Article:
The constructive chaos triggered by the PepsiCo fiasco at Scienceblogs.com continues to evolve, in ways that I have to hope will ultimately be to the advantage of bloggers, scientists and the science-reading public alike. The latest evidence is that as of 10:00 a.m. EDT today, there’s a new game in town: Scientopia.org, “a new blogging collective to educate and entertain anyone interested in eclectic voices of science,” according to the press release announcing its launch (emphasis added).
We invite the world to ponder, argue, converse, and laugh along with us. Each blog is produced by an individual or group that retains complete editorial control of its own content. Some bloggers are moving from other networks; others are creating new blogs. At launch Scientopia will consist of 24 blogs, including the following:
The Urban Ethnographer (scientopia.org/blogs/urbanethno) Krystal D’Costa
This Scientific Life (scientopia.org/blogs/thisscientificlife) GrrlScientist, formerly of Living the Scientific Life, and Bob O’Hara
Skulls in the Stars (scientopia.org/blogs/skullsinthestars) Greg Gbur
Adventures in Ethics & Science (scientopia.org/blogs/ethicsandscience) Janet Stemwedel
Good Math, Bad Math (scientopia.org/blogs/goodmath) Mark Chu-Carroll
WhizBANG! (scientopia.org/blogs/whizbang) Pascale Lane
The complete listings can be found on the Scientopia.org home page. More blogs will be added in the months to follow.
The Scientopia network is more than a collection of individuals: it’s a scientific community. It serves the common goals of sharing our love of science, while respecting the diverse interests of its members. At Scientopia, the community — of bloggers and readers, engaging with science and each other — is not a side effect. It’s the whole point.
To my mind, that last part about community is the most important, and the one that bears most strongly on the raison d’etre for blogging networks. Individual blogs with their individual authors’ voices can link to one another informally as easily as networked ones can; they can encourage cross-talk and mutual traffic, too, in loose alliances. So why have the formal structure of a network at all?
Part of the answer is of course practical: having an organized network can spare some of the authors the technical headaches and redundant costs of being on their own, and some uniformity of presentation and layout (if it’s good) can be beneficial. But the real advantages, which are less easily defined ahead of time, have to come out of the ongoing association and conversation among the bloggers. They have to figure out collectively what makes them a true community where synergies are even possible. Do they all share a similar set of values or interests? Can they find practical ways to advance the cause of the network beyond pushing their own blogs? Is there a shared identity of some sort for the network that gives the individual bloggers room to breathe?
This is the gauntlet thrown down for all blogging networks, not just scientific ones. If Virginia Heffernan’s recent column in the New York Times reacting to Scienceblogs and the PepsiCo mess (in which she made several ill-informed assertions) contained any point worth considering, it was that Scienceblogs had become so motley in its offerings that visitors to the site—and maybe even some of the bloggers there—might not know what to expect. Nothing is wrong with variety and diversity, of course, but it’s easy to believe that bloggers might not always be comfortable with the direction that some of their neighbors or the network as a whole might seem to be taking.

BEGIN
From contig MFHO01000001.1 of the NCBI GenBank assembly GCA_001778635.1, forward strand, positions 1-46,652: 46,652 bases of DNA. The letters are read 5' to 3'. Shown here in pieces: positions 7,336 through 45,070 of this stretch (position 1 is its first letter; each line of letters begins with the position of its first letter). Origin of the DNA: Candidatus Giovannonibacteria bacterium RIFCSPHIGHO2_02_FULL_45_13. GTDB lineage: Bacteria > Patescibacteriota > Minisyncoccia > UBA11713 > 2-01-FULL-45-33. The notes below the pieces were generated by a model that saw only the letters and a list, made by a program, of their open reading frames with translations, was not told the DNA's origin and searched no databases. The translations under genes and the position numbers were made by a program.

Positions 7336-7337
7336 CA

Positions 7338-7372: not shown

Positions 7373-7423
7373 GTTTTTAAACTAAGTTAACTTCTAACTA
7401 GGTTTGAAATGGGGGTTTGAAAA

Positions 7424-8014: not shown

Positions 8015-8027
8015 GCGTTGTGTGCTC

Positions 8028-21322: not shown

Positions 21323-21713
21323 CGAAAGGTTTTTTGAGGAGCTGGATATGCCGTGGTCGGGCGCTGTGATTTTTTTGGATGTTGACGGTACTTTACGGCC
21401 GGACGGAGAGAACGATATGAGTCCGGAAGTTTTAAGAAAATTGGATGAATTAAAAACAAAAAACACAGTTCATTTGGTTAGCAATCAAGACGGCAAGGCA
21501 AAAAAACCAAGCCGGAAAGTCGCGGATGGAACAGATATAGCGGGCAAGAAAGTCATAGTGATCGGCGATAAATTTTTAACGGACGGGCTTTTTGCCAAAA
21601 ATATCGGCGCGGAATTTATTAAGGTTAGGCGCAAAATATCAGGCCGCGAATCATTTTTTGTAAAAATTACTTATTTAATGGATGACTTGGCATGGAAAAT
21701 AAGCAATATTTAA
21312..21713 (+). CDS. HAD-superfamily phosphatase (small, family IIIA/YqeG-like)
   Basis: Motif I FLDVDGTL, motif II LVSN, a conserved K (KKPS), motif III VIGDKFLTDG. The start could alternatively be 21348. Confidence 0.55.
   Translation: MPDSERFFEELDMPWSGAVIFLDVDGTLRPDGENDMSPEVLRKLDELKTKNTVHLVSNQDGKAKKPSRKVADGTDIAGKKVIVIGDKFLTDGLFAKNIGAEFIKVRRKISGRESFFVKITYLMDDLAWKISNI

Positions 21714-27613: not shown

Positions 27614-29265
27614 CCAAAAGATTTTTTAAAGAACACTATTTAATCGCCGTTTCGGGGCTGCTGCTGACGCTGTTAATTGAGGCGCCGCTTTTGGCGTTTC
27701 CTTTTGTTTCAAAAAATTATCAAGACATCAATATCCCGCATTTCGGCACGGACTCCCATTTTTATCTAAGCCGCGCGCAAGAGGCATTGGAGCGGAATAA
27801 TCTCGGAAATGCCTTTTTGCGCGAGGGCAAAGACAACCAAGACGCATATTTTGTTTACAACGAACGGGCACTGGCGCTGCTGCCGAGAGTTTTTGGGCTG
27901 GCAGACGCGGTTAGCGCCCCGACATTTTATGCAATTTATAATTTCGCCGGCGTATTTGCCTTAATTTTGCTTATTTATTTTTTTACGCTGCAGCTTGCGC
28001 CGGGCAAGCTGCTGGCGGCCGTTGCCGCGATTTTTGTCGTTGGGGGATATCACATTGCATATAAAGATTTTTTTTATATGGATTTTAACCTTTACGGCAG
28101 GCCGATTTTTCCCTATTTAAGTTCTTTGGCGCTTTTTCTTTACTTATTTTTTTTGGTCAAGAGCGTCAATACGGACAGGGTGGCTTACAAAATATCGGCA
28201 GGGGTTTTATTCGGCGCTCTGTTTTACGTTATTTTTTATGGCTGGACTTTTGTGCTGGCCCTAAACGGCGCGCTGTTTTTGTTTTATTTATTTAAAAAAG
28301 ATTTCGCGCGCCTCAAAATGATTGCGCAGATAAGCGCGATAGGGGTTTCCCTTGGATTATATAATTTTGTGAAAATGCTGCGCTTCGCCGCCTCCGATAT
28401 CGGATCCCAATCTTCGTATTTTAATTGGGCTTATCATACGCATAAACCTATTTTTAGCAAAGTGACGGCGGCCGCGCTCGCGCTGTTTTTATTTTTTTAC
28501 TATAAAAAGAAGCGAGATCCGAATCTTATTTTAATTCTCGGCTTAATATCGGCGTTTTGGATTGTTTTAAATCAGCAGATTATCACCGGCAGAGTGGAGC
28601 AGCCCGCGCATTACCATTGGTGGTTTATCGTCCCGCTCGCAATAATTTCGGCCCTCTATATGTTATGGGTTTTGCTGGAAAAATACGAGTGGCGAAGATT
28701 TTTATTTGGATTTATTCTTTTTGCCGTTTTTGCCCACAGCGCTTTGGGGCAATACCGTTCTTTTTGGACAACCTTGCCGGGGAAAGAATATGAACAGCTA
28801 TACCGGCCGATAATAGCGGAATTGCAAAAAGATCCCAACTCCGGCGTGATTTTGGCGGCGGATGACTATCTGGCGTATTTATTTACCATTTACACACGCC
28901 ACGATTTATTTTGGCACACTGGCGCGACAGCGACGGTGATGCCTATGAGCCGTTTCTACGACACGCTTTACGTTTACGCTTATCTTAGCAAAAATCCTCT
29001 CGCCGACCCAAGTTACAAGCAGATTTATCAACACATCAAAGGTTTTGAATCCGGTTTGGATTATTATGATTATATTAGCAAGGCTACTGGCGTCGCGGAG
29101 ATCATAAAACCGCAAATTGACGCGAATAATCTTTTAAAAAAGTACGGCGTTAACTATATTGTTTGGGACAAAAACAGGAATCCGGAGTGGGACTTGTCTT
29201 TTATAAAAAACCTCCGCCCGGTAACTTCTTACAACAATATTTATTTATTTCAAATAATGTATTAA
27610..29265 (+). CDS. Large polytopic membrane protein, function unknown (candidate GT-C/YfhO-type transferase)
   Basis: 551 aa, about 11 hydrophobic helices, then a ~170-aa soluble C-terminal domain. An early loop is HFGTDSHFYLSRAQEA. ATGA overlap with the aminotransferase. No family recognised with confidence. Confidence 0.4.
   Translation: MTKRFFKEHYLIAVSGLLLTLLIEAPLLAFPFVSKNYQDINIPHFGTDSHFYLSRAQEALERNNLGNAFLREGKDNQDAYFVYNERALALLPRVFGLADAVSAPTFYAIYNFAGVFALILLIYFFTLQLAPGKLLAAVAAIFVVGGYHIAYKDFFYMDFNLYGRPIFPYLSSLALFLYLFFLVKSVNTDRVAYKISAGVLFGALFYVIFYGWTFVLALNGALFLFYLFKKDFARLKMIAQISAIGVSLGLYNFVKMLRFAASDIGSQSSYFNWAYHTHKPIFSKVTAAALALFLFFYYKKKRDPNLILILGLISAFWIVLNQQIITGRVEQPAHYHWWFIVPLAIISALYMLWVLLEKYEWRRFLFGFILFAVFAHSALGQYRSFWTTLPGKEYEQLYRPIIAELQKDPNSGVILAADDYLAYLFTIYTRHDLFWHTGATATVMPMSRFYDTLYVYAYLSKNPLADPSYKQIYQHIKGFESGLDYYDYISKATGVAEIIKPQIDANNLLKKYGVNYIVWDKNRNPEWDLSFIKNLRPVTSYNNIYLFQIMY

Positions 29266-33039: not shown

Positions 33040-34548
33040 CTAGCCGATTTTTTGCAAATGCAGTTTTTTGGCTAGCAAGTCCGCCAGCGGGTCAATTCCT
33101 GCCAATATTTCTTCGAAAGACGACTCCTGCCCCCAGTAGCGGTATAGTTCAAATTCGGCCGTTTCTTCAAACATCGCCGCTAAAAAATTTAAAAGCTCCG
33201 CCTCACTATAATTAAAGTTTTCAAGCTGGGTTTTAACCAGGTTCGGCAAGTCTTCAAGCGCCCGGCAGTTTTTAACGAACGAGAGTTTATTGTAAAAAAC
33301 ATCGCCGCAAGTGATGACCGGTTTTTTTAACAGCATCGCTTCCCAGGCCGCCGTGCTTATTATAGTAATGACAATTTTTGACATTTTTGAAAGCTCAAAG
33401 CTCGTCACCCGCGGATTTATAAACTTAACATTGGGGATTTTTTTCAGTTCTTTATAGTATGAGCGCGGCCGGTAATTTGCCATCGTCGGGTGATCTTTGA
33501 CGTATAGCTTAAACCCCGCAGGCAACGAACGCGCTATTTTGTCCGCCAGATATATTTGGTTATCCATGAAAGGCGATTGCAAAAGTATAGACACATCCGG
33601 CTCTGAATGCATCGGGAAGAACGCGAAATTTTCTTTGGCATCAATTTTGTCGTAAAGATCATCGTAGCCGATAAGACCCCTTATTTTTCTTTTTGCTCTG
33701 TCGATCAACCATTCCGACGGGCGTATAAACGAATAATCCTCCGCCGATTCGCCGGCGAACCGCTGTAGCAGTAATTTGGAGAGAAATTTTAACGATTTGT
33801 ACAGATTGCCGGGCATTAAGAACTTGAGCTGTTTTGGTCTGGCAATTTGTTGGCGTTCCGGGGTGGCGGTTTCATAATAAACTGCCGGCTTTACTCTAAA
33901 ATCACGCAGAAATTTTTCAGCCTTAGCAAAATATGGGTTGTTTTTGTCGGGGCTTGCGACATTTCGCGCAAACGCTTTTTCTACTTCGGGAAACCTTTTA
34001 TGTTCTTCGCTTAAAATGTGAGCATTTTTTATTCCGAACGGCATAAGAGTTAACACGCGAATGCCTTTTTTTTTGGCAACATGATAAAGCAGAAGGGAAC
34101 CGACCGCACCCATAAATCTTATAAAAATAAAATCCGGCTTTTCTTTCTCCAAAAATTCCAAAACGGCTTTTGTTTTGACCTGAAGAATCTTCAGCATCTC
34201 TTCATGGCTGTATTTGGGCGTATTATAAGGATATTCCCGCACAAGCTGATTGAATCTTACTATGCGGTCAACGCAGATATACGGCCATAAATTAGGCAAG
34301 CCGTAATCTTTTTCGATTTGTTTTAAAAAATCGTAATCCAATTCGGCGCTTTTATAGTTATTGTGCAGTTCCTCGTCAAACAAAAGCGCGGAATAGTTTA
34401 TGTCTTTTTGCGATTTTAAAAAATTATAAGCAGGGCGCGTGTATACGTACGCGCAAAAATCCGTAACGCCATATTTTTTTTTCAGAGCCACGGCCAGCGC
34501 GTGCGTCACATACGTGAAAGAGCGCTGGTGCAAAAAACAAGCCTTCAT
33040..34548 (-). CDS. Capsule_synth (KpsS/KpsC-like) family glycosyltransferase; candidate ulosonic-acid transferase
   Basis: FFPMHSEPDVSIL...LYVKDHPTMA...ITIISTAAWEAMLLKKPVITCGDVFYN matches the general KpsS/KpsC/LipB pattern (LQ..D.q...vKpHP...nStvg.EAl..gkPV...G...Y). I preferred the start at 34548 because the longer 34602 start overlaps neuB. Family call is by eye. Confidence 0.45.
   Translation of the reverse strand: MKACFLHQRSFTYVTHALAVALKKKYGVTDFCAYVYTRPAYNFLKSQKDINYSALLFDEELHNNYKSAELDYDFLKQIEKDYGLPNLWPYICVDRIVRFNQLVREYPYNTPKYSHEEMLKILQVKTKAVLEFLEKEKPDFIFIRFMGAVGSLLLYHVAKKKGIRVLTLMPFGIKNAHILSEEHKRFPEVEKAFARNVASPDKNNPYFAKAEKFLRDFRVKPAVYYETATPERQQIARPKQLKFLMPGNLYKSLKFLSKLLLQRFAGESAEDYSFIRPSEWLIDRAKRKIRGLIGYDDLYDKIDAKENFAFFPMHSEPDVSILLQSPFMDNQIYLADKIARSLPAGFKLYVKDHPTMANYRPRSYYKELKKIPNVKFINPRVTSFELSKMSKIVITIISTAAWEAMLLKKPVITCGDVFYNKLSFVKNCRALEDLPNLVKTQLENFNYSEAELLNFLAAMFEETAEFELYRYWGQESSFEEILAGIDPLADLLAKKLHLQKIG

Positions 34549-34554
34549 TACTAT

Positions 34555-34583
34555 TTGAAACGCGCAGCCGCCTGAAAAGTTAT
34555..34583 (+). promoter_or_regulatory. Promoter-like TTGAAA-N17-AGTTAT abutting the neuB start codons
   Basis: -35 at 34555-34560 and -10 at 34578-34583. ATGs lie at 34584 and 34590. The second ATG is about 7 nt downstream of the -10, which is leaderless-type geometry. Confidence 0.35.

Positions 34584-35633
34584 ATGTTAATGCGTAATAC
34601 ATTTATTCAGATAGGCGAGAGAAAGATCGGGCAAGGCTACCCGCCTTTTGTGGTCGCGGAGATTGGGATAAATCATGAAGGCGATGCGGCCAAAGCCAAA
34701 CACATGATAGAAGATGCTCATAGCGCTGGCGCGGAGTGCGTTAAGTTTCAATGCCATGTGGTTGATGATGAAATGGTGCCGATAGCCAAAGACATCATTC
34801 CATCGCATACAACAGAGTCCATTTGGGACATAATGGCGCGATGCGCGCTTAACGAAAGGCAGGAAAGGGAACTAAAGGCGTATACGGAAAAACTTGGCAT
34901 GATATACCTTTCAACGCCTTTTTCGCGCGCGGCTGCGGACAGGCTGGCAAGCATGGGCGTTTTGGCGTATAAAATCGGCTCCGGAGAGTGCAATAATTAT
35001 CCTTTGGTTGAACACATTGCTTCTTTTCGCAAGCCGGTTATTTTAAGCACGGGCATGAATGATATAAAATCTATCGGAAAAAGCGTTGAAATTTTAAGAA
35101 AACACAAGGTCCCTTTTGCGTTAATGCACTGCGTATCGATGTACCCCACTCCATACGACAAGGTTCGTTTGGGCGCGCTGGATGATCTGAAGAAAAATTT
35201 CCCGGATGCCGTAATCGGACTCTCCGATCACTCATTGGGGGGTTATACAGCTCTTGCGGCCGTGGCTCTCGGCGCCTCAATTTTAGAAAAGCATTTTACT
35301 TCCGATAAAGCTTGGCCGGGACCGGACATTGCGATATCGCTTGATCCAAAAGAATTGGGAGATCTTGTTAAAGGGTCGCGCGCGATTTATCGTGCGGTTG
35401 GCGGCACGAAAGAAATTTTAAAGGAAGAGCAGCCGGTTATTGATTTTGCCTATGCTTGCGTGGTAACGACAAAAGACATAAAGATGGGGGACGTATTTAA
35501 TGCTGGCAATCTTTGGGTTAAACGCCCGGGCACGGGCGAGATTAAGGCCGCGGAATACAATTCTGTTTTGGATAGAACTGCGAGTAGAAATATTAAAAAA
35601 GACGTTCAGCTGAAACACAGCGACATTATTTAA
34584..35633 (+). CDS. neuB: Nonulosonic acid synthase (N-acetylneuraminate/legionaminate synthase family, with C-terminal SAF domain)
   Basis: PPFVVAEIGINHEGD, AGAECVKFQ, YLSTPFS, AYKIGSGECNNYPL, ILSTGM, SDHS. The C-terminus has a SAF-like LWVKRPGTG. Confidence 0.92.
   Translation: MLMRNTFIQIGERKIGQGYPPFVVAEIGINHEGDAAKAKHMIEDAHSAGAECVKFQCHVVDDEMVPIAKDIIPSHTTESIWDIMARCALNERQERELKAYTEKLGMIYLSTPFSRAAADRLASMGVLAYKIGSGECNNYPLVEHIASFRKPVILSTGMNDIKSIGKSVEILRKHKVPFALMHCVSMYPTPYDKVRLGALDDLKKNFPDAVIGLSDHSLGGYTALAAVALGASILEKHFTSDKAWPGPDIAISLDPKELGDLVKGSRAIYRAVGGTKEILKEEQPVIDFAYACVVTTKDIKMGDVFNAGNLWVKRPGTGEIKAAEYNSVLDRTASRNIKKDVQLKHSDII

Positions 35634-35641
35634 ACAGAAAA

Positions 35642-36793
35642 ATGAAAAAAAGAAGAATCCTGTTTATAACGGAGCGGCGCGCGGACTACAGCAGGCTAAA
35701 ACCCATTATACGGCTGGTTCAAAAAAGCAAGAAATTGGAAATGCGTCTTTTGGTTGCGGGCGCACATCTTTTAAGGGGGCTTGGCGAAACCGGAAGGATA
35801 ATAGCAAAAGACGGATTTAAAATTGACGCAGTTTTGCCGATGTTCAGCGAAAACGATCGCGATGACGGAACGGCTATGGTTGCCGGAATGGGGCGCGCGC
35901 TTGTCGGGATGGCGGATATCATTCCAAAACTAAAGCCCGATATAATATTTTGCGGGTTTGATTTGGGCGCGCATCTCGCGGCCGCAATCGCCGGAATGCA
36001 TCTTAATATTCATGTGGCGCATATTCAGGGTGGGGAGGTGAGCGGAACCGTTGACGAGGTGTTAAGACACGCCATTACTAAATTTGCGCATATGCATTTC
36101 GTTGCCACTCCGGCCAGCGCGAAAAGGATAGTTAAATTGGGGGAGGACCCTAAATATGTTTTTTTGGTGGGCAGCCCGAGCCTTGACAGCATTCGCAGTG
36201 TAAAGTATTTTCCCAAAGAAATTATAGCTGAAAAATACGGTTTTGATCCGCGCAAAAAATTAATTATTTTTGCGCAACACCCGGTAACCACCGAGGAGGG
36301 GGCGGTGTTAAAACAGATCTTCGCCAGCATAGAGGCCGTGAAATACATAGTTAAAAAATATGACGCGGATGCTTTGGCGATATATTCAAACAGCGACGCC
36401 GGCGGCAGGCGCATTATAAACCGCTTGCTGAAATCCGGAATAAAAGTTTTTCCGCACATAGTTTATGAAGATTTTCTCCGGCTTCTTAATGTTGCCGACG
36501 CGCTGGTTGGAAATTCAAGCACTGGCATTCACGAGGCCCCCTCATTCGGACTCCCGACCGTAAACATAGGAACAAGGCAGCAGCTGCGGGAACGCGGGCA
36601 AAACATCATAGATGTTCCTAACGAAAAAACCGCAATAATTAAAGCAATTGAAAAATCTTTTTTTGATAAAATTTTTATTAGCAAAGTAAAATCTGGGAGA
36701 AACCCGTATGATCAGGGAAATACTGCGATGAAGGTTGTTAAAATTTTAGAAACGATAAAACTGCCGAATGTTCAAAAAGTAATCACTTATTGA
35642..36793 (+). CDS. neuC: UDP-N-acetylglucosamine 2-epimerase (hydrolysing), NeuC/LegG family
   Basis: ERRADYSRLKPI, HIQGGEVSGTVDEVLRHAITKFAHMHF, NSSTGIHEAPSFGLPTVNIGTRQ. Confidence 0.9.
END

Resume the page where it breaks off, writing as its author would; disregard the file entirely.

Maybe such tensions are inevitable in any mixed network beyond a given size; maybe they are even good in the long run. What the fracturing of Scienceblogs and the formation of new networks promises, though, is the possibility of new experiments in community within the theme of science blogging. I’ll be very curious to see how Scientopia’s efforts pay off, and certainly wish them all success.
Lest anyone doubt that Scientopia’s formation was directly shaped by the unmarked advertorial misadventure at Scienceblogs, the release also notes that, “When the networks run with commercial interests in mind, the priorities of the bloggers and readers can get lost. Some bloggers began to wonder: what would happen if the bloggers and their readers came first? From this discussion sprung Scientopia.org.”
Just so. Of course, the long-term commercial viability of science blogging (or of networked blogging in general, or of individual blogging in general, for that matter) is all still up in the air, as so much of commercial media is these days. But it sounds like making money at science blogging isn’t the primary objective of the Scientopia folks: they just want to converse well about exciting topics in science. And if that’s utopian thinking, then that’s a dream I’m happy to share.
Update: Bora Z. has added his own welcome for Scientopia at the new digs of A Blog Around the Block, which includes a nice summary of the latest whereabouts of many former Sciblings.